Urban transportation company Uber is having a rough week in France. Following protests, the high court of Paris just fined Uber $1.3 million (€1.2 million). The two events are unrelated, but it shows that France is still a hostile market for the American company, even though Paris is one of the most lucrative cities for Uber.
A taxi union (Union Nationale des Taxis) sued Uber back in December 2014 for a set of "ambiguous" advice to its drivers. According to the Thévenoud law, Uber, Chauffeur-Privé and LeCab drivers can't wait for new clients in the streets. Only taxi drivers can stop near a train station or airport and wait for a new client for example. Uber drivers have to go to a parking area.
And yet, everyone knows that Uber drivers are doing it. It would be hard for them to make a living if they had to go to a parking area every time they don't have a client, especially in the busy streets of Paris.
Back in 2014, the court asked Uber to stop telling its drivers to double park and wait for new clients if they don't have a taxi license. But the taxi union found multiple "ambiguous recommendations" in training videos on YouTube between January and April 2015. For example, Uber is telling its drivers to go to surge pricing areas in order to increase offer and get more money.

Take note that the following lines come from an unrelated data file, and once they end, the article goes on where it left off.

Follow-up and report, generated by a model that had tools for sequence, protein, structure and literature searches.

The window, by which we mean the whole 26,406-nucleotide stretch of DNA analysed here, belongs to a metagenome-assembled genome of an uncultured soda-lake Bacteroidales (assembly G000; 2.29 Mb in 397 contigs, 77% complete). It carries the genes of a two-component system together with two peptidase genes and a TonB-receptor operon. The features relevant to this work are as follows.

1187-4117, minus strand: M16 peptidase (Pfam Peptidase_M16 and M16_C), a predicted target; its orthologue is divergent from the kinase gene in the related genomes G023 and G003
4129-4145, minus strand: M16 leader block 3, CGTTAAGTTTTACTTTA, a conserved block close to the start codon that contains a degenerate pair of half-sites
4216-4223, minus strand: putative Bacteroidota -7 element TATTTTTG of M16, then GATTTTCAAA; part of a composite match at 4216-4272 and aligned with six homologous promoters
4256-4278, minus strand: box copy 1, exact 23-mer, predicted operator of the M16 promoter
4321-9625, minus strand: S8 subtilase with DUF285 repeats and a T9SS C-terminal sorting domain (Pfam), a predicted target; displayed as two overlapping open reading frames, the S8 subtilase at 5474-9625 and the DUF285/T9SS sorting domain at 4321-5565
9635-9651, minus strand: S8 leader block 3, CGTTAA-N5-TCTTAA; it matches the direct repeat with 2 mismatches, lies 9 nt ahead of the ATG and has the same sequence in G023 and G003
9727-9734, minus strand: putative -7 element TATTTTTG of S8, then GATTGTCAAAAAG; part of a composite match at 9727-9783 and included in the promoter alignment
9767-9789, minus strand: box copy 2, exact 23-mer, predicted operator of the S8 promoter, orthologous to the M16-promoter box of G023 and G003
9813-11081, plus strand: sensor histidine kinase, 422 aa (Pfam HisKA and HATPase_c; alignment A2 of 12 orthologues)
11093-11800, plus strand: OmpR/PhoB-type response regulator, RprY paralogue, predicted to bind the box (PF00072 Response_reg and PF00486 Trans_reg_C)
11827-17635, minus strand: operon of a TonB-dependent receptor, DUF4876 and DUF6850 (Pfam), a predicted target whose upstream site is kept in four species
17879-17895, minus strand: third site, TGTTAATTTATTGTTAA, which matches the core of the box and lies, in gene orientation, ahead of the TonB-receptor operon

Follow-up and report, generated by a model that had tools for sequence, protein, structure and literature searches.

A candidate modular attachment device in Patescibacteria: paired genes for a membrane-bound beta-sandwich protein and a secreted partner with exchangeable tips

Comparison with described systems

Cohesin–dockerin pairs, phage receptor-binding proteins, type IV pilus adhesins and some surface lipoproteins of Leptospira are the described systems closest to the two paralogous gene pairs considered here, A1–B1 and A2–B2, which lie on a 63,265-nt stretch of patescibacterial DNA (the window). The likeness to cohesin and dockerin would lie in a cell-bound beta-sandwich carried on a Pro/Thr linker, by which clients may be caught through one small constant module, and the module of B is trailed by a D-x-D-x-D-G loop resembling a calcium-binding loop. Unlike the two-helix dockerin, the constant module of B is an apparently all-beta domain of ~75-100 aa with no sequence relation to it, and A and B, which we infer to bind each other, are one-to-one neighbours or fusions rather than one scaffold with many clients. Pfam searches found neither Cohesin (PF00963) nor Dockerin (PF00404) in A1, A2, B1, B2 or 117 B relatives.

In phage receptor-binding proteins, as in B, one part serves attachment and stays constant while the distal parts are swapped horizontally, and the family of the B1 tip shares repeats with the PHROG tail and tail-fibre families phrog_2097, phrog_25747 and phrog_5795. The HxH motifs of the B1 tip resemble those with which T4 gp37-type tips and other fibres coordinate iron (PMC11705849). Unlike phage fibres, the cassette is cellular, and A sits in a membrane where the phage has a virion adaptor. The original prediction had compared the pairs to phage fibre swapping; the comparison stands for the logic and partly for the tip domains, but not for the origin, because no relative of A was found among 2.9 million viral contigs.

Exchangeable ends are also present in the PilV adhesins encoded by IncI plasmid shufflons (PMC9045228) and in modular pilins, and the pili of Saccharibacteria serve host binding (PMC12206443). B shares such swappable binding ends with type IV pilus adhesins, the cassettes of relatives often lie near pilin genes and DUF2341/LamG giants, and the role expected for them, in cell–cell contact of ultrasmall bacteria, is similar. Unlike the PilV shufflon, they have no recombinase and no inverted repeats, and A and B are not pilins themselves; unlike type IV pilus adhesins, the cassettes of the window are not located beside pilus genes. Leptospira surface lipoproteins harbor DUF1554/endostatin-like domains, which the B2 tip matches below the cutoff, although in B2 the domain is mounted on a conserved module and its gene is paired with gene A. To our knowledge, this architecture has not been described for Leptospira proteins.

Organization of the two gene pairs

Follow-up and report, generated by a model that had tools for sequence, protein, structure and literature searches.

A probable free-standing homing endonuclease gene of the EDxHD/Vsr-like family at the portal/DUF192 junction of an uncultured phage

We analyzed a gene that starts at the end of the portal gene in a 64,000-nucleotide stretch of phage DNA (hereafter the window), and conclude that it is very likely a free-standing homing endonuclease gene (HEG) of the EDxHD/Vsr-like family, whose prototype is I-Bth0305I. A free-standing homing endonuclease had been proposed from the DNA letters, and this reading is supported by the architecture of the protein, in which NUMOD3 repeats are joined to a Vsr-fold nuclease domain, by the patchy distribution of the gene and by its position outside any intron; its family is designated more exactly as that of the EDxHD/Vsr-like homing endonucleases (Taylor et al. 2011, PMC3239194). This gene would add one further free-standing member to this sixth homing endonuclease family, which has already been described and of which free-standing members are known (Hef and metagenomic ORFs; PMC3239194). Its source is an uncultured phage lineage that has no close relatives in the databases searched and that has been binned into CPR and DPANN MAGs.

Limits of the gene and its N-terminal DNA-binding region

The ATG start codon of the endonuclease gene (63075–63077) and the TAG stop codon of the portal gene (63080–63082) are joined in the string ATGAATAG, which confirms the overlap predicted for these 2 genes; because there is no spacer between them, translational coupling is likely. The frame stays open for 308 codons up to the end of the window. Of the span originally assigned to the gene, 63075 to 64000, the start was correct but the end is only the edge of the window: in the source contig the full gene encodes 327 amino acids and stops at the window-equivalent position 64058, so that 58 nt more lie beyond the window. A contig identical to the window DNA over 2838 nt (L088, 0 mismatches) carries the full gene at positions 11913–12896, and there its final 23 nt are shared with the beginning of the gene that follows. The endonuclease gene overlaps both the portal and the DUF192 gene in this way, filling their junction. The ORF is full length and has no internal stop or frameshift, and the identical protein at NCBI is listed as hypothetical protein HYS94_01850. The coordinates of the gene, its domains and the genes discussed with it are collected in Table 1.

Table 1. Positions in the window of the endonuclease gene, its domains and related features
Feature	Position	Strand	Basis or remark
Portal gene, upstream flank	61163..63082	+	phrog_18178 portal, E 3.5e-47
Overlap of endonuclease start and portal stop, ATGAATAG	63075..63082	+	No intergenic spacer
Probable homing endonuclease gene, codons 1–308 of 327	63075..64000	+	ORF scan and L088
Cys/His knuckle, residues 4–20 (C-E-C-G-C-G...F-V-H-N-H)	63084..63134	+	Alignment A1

"Every email, as well as many text messages and all our training and communication material for drivers who use our app remind them of the law," an Uber spokesperson told the AFP.
I couldn't find the YouTube videos on Uber's website for drivers. But it says in the FAQ that only taxi drivers can cruise and wait for clients in the streets. The company might have taken them down sometime since April 2015.
All of this amounts to little more than a bit of Kabuki theater, as $1.3 million is a drop in the bucket for Uber and its war chest and Uber drivers still won't park while waiting for a fare. Everything needs to change, so everything can stay the same.
This article by Romain Dillet originally ran on TechCrunch, a leading technology media property, dedicated to obsessively profiling startups, reviewing new Internet products, and breaking tech news.